Kaleidoscopes

Here you find a selection of high quality kaleidoscopes, made of solid brass with grade mirrors and lenses. The intense colours and complex patterns will convince you that these optical instruments are clearly much more than just a kiddy toy.
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Kaleidoscopes – ganzing into a different reality

Unfortunately, kaleidoscopes are generally regarded as mere children's toys, which is why they are usually manufactured as a cheap mass product from flimsy materials. The enormous influence of kaleidoscope aesthetics on pop culture and modern design proves that the multiple broken fractal patterns of the kaleidoscope stimulate our senses in a very special way. 

We are pleased to be able to offer a selection of kaleidoscopes that are manufactured to a high standard and which show us their fascination much more impressively than a small cardboard tube with built-in plastic mirrors.

What fascinates us about the kaleidoscope?

Similar to spinning tops or mobiles, kaleidoscopes are art objects which, through a small mechanical manipulation, show us a different state of reality. The incident light, refracted between several mirrors, even gives us a small impression of infinity. The colours shine intensely (the more the kaleidoscope is built to a high standard) and the well-ordered chaos of forms is symbolic of nature itself.

The kaleidoscope was popular in the hippie culture because the typical patterns remind us of sensory impressions which are created under the influence of LSD. And because the repetitive and constantly changing patterns do not offer the eye a single clue, but are only perceivable in their entire diversity, they have a contemplative and relaxing effect.

For designers and other artists, a kaleidoscope is also worthwhile as a working tool because it places colours and shapes in new, inspiring contexts

Since when has the kaleidoscope existed?

The kaleidoscope is not new, it is said to have been known in ancient Greece. The origin of its name also speaks for this. "kalóseidos skopéin" is Greek for to see a beautiful shape/form.

The kaleidoscope was rediscovered by chance at the beginning of the 19th century by the Scottish physicist David Brewster, who used an internally mirrored peep-tube to investigate the refraction of light in crystals. He was excited enough by the sight to apply for a patent for the kaleidoscope in 1817. The international Brewster Kaleidoscope Society, in which manufacturers and enthusiasts of this optical instrument are organised, still exists today.

The largest kaleidoscope in the world was presented at the World Exposition in Japan in 2005: a 47-metre high tower with a spherical ceiling, which refracted sunlight through several mirrors and rotating lenses.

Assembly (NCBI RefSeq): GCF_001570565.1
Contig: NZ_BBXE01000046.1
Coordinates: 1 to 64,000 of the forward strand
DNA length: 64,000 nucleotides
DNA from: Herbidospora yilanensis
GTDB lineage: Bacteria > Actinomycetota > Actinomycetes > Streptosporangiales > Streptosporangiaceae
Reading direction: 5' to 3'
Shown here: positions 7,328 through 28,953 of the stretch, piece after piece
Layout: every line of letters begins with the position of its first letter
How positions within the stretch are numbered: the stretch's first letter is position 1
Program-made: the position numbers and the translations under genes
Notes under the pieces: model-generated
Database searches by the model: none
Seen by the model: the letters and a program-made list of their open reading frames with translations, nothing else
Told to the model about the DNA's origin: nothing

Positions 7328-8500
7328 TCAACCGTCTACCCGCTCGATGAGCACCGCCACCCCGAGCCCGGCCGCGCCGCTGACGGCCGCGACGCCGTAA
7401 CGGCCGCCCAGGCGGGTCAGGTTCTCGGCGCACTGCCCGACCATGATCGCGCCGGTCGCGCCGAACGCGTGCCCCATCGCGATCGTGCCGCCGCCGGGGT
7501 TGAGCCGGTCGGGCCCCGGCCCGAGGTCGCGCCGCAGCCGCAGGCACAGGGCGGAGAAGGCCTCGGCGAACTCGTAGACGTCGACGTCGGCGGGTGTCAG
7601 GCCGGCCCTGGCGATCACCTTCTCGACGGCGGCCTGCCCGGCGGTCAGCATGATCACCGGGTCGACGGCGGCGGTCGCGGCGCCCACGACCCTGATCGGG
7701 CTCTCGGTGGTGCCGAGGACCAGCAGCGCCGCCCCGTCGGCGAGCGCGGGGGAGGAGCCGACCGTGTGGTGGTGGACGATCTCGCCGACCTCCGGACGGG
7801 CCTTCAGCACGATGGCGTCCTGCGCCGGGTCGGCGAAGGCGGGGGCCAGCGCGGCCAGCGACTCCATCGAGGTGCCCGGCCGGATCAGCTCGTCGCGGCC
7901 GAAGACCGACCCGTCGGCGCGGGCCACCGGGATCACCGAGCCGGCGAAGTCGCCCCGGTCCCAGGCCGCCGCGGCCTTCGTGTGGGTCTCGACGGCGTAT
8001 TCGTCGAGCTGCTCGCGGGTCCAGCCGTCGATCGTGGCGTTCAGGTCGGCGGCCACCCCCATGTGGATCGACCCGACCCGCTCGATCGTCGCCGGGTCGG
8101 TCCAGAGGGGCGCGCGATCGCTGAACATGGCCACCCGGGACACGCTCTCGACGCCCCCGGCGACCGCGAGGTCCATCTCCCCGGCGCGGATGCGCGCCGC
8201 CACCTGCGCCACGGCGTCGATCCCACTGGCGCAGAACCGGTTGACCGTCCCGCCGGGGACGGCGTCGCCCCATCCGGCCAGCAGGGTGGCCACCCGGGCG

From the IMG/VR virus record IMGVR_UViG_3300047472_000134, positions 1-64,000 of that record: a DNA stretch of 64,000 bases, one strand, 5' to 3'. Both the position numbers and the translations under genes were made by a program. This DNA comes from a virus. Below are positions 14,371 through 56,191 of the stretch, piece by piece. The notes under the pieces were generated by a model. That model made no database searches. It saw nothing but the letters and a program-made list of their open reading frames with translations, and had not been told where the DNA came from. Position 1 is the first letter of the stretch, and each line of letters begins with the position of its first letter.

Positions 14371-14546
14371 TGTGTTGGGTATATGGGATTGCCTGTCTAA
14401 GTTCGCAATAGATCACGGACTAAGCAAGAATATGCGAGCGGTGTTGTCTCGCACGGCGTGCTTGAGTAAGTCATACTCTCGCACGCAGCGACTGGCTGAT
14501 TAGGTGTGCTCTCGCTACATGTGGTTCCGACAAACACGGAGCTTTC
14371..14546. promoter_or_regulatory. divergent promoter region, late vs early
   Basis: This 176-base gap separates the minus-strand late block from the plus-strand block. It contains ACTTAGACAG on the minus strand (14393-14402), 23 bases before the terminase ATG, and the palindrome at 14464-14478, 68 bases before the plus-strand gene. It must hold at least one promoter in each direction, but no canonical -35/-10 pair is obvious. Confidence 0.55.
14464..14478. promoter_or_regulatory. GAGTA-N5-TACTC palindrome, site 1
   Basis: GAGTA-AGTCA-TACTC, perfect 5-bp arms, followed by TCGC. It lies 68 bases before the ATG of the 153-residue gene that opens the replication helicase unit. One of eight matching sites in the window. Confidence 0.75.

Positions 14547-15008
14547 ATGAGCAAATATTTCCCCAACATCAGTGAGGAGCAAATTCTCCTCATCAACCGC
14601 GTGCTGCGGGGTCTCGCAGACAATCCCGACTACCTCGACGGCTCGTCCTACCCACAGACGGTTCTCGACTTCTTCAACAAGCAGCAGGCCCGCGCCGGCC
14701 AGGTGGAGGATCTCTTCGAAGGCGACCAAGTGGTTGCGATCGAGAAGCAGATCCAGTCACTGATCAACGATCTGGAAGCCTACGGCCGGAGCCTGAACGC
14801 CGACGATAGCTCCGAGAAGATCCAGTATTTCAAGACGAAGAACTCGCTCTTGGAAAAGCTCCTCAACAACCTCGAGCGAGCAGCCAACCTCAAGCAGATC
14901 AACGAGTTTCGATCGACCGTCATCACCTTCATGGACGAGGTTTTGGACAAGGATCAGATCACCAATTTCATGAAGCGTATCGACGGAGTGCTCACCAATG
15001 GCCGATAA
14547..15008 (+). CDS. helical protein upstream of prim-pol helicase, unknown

What types of kaleidoscopes are there?

There are certainly more forms of kaleidoscope than we can gather here. David Brewster alone, the discoverer of the modern kaleidoscope, described almost two dozen variations during his lifetime. The variants that we also offer are:

  • the kaleidoscope with small coloured objects between a matt and a clear lens
  • the kaleidoscope with one or more movable glass panes
  • the kaleidoscope with small coloured objects in an oily liquid
  • the kaleidoscope with a completely transparent plexiglass tube
  • the teleidoscope with a spherical fisheye lens

What all variants have in common is that the light passes through an internally mirrored tube which refracts the light several times and recombines it to form repeating patterns.

Who makes our kaleidoscopes?

Usually we concentrate on European artists and manufacturers. However, we were happy to make an exception for Roy Cohen from Isael, especially since we know of no other manufacturer who produces high-quality kaleidoscopes in such a variety. For his kaleidoscopes, Cohen uses high-quality optical lenses and mirrors, which he installs bomb-proof in a heavy brass housing with the help of silicone. 

As inspirations for his work he cites on the one hand his experiences of diving in the Red Sea with its coral reefs glistening in intense colours, and on the other hand the German researcher and philosopher Prof. Ernst Haeckel, who created impressive illustrations of microorganisms, which also feature the principle of symmetrical reflection.

Any more questions? We will be happy to advise you personally by phone or e-mail.